UPDATE: As of December 9, 2021, Facebook has removed all nine posts reported on the platform in conjunction with our research.
October 2021 marked one year since Facebook banned Holocaust denial from its platform and officially classified Holocaust denial as hate speech instead of misinformation. On the first anniversary of this policy’s enactment on Facebook properties, analysts in ADL’s Center on Extremism (COE) sought to determine whether the effort has been successful – and whether Holocaust denial is still discoverable on the platform.
A particularly pernicious from of antisemitism, Holocaust denial aims to cast doubt on the facts of the Holocaust as they pertain to its Jewish victims, and for years it percolated freely across Facebook. Adherents claim that Jews fabricated evidence of their own genocide to gain sympathy, extract reparations from Germany and facilitate the allegedly illegal acquisition of Palestinian land for the creation of Israel.
In conjunction with this research, on November 15, 2021, COE analysts, using a personal account, reported 9 of the troubling posts cited in this piece to determine how responsive Facebook would be in removing posts that overtly violate their hate speech policy. As of November 29, 2021, Facebook has only replied to concerns about one of the posts. This post calls the Holocaust a fraud and claims “the reason people are questioning, denying and pouring scorn and contempt on the holocaust, is simply because it isn’t true.” According to Facebook, this post was not in violation of its hate speech policy, which rejects posts “denying or distorting information about the Holocaust.”
ADL engaged in a decade-long advocacy campaign to push Facebook to change its policy on Holocaust denial. In the wake of the Stop Hate for Profit campaign and pressure coming from a variety of external sources, in October 2020 Facebook finally changed its policy.
To mark Holocaust Remembrance Day in 2021, ADL’s Center for Technology and Society (CTS) examined how different platforms addressed Holocaust denial and produced the 2021 Holocaust Denial Scorecard. Facebook (including Instagram) received a ‘D,’ the lowest grade. ADL researchers noted that three months after making the policy change, Facebook still hadn’t made necessary changes to its policy enforcement and Holocaust denial content was easily found on the platform.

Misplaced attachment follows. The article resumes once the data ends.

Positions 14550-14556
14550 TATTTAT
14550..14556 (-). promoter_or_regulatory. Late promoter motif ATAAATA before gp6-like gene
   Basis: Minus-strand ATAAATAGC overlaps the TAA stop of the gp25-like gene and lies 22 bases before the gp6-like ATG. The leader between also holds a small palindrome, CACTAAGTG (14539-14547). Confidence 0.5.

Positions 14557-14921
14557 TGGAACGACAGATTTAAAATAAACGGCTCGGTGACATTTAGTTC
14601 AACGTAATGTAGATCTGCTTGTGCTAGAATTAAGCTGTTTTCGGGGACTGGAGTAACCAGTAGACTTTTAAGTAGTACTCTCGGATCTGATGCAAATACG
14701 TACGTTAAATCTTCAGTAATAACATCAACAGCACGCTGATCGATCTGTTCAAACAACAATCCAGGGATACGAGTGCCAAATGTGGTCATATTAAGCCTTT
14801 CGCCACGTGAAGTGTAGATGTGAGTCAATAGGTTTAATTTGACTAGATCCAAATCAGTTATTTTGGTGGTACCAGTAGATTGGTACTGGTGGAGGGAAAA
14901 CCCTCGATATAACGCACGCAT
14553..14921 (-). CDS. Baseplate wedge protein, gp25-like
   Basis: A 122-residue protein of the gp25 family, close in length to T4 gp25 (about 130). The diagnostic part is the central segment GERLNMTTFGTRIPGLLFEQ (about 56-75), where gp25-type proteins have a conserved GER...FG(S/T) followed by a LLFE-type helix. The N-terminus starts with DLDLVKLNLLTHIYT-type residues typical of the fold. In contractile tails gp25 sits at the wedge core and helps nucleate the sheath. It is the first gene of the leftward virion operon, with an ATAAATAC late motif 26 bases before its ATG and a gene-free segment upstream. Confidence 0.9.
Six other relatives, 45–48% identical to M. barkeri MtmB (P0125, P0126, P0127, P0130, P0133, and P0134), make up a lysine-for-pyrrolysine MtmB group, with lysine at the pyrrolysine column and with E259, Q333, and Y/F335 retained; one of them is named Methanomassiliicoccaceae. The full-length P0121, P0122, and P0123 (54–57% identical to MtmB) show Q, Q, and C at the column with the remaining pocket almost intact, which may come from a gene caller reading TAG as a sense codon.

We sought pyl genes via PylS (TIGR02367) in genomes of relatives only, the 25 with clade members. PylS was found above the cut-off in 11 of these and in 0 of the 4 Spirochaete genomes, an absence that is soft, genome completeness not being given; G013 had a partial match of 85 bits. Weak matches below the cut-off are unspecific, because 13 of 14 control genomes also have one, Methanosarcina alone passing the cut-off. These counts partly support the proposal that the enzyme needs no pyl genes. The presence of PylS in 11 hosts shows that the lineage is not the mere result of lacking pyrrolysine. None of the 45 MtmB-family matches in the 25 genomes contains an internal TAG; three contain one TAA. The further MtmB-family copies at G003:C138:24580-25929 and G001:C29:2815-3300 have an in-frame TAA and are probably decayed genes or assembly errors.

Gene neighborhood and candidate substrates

It is true that Facebook has successfully removed major Holocaust denial entities – the large private and public groups (with thousands of members) dedicated to Holocaust denial are no longer on the platform. When you search “Holohoax,” the phrase most popularly used to communicate Holocaust denial, the sole result is a link to information about the Holocaust.
With some additional digging, however, the cracks in enforcement come to light. While dedicated groups have been removed and one search term limited, Holocaust denial content remains on the platform. COE found that the majority of Holocaust denial posts still accessible were posted prior to the October 2020 ban, yet never subsequently removed. These are located in public and private groups as well as on personal profiles, and many contain links to external, explicit Holocaust denial sources.
In addition to the older posts, there are multiple instances of Holocaust denial content posted after the policy went into effect. While the term “Holohoax” no longer returns results when a user searches for it, other keywords, such as “hollow hoax,” “Holocaust Hoax,” “Holocaust lies,” “Holocaust fraud,” “so called Holocaust,” and “Holocaust didn’t happen” are searchable and return results. Many of the recent posts that remain are reshares of older posts, using modified language to avoid detection, and they include external links to Holocaust denial videos or articles. Many of these were shared by known Holocaust deniers and antisemites and were accompanied by antisemitic rhetoric in addition to Holocaust denial sentiments.
Frequently, the Holocaust denial posts identified by COE contained links to external sources, many dedicated exclusively to antisemitism, Holocaust denial and extremist content. Russia Insider is a popular source among Holocaust deniers on Facebook; the site has a history of pushing white supremacist, antisemitic, Holocaust denial and conspiratorial content, and was called out for its antisemitic content and links to “progovernment oligarchs” in Russia. The site’s founder and editor, Charles Bausmen, has been recently linked to several white supremacist organizations.